An Oklahoma Medical Research Foundation scientist has been selected to receive one of only five Grants for Multiple Sclerosis Innovation awarded this year by the pharmaceutical company EMD Serono.
The award will provide OMRF's Robert Axtell, Ph.D., with $280,000 over two years to study the role a pair of molecules play in the progression of MS and a related condition. Axtell's project was selected from more than 200 applicants worldwide.
"We have the capability of doing a lot of important science here with OMRF's Multiple Sclerosis Center of Excellence and our research facility," said Axtell. "With grants like this, we can really crack some of the interesting puzzles that these neuroinflammatory diseases challenge us with."
The grant represents an important step in OMRF's efforts to build early stage partnerships with industry, said OMRF Vice President of Technology Ventures Manu Nair. "These are unique and rare grants, ones that have a direct impact on technology advancement and commercialization. The fact that EMD Serono wants to work with OMRF's scientists is a validation of the quality of their work and its potential for commercial translation."
With the new grant, Axtell will examine the role of two inflammation-causing molecules, known as BAFF and APRIL. He'll study whether inhibiting the molecules improves or worsens disease in experimental models of multiple sclerosis and neuromyelitis optica, an illness with symptoms similar to MS.
In MS, the body's immune system mistakenly attacks myelin, the protective covering that surrounds nerve cells. The disease causes a wide range of symptoms that include vision impairment, tremors, paralysis, painful spasms, imbalance and cognitive changes. "The results of this research will provide us with a better understanding of the differences between MS and other autoimmune diseases, like lupus and rheumatoid arthritis," said Axtell, who joined OMRF from Stanford University in 2013.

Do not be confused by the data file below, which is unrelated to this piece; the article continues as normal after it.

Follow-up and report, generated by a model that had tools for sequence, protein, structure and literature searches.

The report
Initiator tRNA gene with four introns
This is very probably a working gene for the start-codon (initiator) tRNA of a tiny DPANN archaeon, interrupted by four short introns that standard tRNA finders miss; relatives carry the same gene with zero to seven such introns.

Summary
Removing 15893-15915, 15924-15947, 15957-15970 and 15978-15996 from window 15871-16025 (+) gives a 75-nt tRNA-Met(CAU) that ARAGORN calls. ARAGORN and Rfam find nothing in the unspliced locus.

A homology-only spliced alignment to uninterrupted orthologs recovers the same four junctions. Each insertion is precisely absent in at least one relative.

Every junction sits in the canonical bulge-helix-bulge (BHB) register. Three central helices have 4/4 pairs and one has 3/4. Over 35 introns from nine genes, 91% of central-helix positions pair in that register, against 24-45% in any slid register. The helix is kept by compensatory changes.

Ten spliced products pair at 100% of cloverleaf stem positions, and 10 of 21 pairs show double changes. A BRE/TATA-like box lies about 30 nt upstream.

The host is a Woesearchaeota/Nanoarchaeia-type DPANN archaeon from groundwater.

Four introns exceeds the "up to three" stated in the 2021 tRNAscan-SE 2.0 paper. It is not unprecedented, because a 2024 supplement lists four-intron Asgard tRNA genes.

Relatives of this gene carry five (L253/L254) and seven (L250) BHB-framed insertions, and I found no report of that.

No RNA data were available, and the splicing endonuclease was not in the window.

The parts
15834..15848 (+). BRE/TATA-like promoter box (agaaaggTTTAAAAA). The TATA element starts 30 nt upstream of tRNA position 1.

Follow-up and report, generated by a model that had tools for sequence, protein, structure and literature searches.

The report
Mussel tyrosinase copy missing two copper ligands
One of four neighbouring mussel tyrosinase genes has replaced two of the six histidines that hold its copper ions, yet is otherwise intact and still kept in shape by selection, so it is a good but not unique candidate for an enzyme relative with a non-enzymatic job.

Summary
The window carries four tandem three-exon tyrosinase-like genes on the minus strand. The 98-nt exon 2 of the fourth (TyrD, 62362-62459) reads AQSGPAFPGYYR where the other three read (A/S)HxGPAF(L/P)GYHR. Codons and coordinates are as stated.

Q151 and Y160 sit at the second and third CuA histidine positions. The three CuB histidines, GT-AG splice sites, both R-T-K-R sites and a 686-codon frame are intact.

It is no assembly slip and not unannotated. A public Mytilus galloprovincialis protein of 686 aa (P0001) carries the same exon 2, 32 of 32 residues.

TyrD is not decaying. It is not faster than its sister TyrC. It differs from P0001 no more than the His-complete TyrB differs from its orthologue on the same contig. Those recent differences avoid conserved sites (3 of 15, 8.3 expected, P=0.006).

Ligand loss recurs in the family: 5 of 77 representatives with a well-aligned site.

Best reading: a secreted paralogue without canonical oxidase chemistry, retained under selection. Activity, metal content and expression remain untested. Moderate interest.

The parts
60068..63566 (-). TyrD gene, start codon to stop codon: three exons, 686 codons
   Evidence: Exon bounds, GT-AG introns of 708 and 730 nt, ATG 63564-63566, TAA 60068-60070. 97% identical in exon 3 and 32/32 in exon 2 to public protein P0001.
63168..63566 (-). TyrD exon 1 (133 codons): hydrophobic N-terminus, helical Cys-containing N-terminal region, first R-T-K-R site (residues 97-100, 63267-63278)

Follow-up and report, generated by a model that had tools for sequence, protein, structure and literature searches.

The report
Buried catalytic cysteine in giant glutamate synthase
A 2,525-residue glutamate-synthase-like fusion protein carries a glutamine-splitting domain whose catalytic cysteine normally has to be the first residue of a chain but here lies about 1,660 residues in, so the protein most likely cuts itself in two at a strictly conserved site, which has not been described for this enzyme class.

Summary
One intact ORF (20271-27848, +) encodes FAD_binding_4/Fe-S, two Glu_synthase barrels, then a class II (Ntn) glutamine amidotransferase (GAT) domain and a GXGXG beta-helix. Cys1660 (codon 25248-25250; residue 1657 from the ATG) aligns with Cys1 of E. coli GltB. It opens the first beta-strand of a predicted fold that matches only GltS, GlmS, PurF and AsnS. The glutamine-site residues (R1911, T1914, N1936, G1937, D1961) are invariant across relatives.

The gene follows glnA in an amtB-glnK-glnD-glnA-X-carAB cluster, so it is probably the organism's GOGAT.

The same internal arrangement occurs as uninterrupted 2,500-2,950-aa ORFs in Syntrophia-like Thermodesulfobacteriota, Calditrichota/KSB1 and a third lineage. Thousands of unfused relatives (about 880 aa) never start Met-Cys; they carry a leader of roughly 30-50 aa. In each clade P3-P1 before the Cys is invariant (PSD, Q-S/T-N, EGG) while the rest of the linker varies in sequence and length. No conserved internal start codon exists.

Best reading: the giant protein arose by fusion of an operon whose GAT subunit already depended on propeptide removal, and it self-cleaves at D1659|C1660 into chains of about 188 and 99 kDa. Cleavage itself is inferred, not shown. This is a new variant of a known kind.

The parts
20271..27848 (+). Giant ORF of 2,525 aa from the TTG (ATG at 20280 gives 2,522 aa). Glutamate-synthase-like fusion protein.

At OMRF's Multiple Sclerosis Center of Excellence, physicians provide comprehensive treatment to more than 2,000 Oklahomans suffering from MS. Judith James, M.D., Ph.D., the leader of OMRF's autoimmune disease research program, believes the new grant will pay important dividends for Oklahomans with MS and other autoimmune diseases.
"We are excited by this new funding stream for Dr. Axtell and his team," said James, who holds the Lou C. Kerr Endowed Chair in Biomedical Research. "Collaborations between basic and clinical investigators that address clinically meaningful questions are critical to our success and provide the resources necessary to help improve patient care."
Going forward, said Nair, OMRF will focus on increasing collaborations with industry through projects like Axtell's. "Our vision is to work with the for-profit sector to build early technology venture partnerships. The more robust these collaborations are, the more quickly and effectively we can deliver new and better treatments to patients."